White House imposes penalties on Uganda after anti-gay law
WASHINGTON — The White House announced Thursday that it will impose further penalties against Uganda after its president signed a law that toughens punishments against gays and defines some homosexual acts as crimes punishable by life in prison.
The admnistration will prevent Ugandan officials involved in serious human rights abuses, including against LGBT individuals, into the United States; discontinue or redirect money for certain programs involving the Ugandan Police Force, Ministry of Health and National Public Health Institute; and cancel plans to hold a U.S. military-sponsored aviation exercise in Uganda.
“None of these steps diminishes our commitment to providing development and humanitarian support for the Ugandan people, or our partnership with the Ugandan government to counter the murderous Lord’s Resistance Army and improve security in Africa,” said Caitlin Hayden, a spokeswoman for the National Security Council. “We will seek to advance these interests even as we continue—in Uganda and around the world—to oppose discriminatory practices and champion human rights for all.”
In February, the administration said it was reassessing its relationship with Uganda after that President Yoweri Museveni, signed the bill in law. Two months later, it annouunced an initial responses.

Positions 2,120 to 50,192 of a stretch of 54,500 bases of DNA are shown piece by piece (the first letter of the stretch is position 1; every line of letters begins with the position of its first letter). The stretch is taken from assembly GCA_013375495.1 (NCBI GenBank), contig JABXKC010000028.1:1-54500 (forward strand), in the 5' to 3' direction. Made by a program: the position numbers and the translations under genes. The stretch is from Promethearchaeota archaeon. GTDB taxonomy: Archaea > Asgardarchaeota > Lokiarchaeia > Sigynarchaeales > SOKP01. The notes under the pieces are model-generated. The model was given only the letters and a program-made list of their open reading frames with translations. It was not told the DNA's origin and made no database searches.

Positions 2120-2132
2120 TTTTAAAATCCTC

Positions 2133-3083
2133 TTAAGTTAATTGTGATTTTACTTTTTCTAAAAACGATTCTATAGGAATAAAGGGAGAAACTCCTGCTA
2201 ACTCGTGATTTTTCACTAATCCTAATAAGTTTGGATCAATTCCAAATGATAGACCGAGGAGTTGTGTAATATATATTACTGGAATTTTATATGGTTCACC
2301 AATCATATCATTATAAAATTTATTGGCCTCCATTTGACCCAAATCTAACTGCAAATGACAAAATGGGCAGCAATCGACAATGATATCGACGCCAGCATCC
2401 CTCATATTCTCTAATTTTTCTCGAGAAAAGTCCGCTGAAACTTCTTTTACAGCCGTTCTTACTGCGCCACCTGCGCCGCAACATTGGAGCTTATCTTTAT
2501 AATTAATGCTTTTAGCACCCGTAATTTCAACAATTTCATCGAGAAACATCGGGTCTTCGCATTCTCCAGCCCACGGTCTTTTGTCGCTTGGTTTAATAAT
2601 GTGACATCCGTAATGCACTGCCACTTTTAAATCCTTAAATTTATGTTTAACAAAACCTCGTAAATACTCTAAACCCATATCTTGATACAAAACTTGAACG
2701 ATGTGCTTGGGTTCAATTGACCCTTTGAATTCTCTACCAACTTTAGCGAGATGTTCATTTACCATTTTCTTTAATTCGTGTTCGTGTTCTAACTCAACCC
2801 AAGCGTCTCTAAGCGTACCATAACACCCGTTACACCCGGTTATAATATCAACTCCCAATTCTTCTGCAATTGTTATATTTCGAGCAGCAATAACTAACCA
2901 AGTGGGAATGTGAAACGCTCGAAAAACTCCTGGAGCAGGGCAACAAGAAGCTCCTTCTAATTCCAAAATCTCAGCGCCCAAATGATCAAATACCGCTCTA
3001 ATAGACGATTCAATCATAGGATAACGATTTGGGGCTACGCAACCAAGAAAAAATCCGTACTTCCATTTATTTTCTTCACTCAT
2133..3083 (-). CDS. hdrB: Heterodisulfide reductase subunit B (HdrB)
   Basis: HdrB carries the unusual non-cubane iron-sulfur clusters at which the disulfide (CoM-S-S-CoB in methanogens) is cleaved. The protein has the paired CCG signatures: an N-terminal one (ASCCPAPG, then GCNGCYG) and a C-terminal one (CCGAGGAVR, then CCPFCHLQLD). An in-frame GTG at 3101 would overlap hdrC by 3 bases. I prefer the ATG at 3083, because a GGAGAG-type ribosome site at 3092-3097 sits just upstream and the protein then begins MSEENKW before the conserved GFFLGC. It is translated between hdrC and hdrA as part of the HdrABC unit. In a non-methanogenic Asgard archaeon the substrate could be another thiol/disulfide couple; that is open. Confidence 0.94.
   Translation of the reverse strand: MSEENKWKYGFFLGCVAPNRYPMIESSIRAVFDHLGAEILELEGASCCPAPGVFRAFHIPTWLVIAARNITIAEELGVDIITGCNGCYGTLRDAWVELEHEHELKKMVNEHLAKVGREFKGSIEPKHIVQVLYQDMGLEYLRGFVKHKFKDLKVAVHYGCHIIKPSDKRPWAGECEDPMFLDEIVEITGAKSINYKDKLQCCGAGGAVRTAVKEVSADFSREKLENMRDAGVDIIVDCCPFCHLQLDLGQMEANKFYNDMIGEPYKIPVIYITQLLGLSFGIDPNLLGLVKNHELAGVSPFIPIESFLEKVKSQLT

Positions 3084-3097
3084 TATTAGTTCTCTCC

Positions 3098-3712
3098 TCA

In many African nations, homosexuality can – and does – lead to arrest, harassment, discrimination, even death. Africans have been harassed, discriminated against in health care, housing and employment and attacked because of real or perceived sexual orientation, according to a report released last year by Amnesty International. In some countries, people are arrested after being reported to police as being gay, sometimes leading to invasive medical exams as police search for evidence of same-sex conduct.
As president, Barack Obama has endorsed same-sex marriage, repealed a military requirement that service members keep their sexual orientation secret and offered gay federal employees family leave.
Human rights groups urged Obama to speak publicly about the growing wave of homophobia while he was in the continent last year, pressing nations to ensure the safety and rights of lesbian, gay, bisexual and transgendered people.
Human Rights First called Thursday’s announcement by the White House “an important step forward in demonstrating American leadership on human rights, including the protection of the rights of lesbian, gay, bisexual, and transgender people.”
“We...believe the steps announced today will send a message to the Ugandan government and others that scapegoating or targeting LGBT people is a violation of basic human rights and creates an unstable and dangerous environment,” said Human Rights First’s Robyn Lieberman.